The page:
The Smell of Books- The Chemistry Behind

by - November 09, 2018



Hello my beautiful, welcome back!

How many of you love the smell of the books? Who love going back in the time with just smell the aroma of the book, especially the old ones? Me & Me! I have always love to smell books and I love how they have different aromas, I mean they're similar but at the same time are differents. Well, I'm not crazy and neither are you. All of this have an explanation and that's what I'm going to be sharing with all of you today, the chemistry explanation behind the smell/aroma of the books. 

The books have been part of our life since a while ago, giving us his magic stories, art and history. We know when a book is old for the look but also for the aroma they have. The aroma is caused by a number of chemical reactions. The paper consist of cellulose and lignin which is a complex polymer of aromatic alcohols. The amount of lignin is in small quantities and varies by the type of papers. The most finer papers (newsprint) have less amount of lignin than the cheaper one. The compounds founds in the papers of the books are volatile compounds and the old books have different compounds than the new ones because they are others factors that sum to the number of chemical compounds reacting together.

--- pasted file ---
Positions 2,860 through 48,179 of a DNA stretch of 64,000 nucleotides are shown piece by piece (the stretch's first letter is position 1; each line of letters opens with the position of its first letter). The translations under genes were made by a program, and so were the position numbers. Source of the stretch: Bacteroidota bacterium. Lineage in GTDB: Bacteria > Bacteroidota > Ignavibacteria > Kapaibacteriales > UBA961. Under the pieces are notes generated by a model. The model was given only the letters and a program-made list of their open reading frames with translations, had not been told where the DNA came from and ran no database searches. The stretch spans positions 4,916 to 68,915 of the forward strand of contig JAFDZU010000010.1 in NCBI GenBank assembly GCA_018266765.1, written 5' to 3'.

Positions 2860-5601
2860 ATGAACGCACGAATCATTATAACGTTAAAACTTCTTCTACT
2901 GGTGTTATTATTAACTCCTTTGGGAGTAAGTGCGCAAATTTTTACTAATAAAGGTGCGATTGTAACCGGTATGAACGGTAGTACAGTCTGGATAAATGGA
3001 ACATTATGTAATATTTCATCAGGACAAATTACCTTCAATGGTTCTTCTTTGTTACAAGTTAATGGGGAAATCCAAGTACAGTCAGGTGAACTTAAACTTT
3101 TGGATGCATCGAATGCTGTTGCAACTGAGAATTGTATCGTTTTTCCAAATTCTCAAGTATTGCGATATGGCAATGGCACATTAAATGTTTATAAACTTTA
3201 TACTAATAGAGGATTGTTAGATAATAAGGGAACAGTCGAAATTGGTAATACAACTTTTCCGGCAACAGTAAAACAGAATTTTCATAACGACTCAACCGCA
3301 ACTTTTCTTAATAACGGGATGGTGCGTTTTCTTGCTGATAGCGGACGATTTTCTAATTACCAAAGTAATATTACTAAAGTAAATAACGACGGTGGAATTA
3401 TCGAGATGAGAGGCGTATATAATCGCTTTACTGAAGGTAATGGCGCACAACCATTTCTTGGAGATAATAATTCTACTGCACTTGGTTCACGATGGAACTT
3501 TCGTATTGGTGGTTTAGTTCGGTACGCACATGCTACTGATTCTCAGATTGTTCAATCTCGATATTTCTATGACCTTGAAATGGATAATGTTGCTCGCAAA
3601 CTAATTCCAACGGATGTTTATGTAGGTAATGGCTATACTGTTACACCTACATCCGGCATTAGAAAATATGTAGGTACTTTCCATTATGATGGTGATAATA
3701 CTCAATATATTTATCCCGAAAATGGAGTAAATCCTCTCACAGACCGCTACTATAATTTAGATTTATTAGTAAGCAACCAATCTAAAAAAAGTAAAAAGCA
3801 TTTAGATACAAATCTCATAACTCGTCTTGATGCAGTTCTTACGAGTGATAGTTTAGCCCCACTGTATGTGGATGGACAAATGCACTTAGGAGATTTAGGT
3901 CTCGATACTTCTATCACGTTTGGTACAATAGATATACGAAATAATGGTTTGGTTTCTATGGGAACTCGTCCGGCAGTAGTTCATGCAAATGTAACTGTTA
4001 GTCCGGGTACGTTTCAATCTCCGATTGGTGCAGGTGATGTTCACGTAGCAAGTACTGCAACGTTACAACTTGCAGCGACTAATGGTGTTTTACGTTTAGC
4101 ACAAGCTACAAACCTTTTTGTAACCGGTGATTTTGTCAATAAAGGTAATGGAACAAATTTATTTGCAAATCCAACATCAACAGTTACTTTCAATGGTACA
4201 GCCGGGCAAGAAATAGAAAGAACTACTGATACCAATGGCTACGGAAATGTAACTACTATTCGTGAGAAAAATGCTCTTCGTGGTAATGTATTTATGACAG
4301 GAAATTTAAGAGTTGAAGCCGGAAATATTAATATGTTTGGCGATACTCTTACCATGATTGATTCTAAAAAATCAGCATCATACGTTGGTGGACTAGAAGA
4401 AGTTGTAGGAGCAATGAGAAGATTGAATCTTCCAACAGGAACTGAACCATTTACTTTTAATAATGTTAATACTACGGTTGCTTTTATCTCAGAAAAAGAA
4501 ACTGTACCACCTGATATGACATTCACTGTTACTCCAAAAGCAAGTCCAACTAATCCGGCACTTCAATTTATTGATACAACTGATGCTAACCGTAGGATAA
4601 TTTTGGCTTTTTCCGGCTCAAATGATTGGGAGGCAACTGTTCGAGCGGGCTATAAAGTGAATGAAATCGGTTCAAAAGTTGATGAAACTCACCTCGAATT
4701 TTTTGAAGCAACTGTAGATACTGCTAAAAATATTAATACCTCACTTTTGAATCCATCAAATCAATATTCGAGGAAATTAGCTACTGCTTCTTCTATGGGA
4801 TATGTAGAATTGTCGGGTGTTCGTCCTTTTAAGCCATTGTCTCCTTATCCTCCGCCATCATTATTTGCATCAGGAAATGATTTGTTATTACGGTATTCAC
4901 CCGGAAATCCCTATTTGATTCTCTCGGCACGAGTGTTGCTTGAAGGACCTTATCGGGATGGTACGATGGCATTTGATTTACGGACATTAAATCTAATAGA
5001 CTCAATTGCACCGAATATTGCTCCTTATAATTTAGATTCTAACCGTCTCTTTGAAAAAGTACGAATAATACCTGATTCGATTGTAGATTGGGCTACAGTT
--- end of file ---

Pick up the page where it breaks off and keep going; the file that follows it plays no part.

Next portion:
The aroma is not only based on the paper, it also depend on the ink, glue and the other tools that were used to made them. Some of the aromas that you can smell on the books are vanilla flowers and almond caused by the breakdowns of the chemicals in the paper. This vainilla odor comes from the compound lignin which is present in the wooden paper and when its break down release the vainilla aroma. This vanilla aroma is characteristic of the old books. In addition to the compound vanillin that  comes from the lignin, we have Toluene (sweet odour), 2-Ethyl Hexanol (slightly floral), Ethyl Benzene (sweet), Benzaldehyde (almond-ish odour), Furfural (almond-ish odour), Vinyl Acetate Ethylene (adhesive compound), Alkyl Ketene Dimer (helps with water resistances), Hydrogen Peroxide (bleaching agent).

As time passes, the chemical compounds react between them and the environment that surrounds them or where they are stored. This is why in old books you can find higher amounts of lignin and these tend to have that aroma of vanilla and almonds. The new books have more volatile compounds because of the way they're made and the things that they use to create them like the ink, the petrochemicals used as solvents for the ink and paper treatment. One of the reasons the new books have less amount of lignin is because they're submitted to a chemical processing to remove it and reduce the breakdown of cellulose by acid hydrolysis.


So yeah, that's why the books have that characteristic smells/aromas that we love so much! 
I hop you have a great friday and weekend with your book friends! 
Love you guys!


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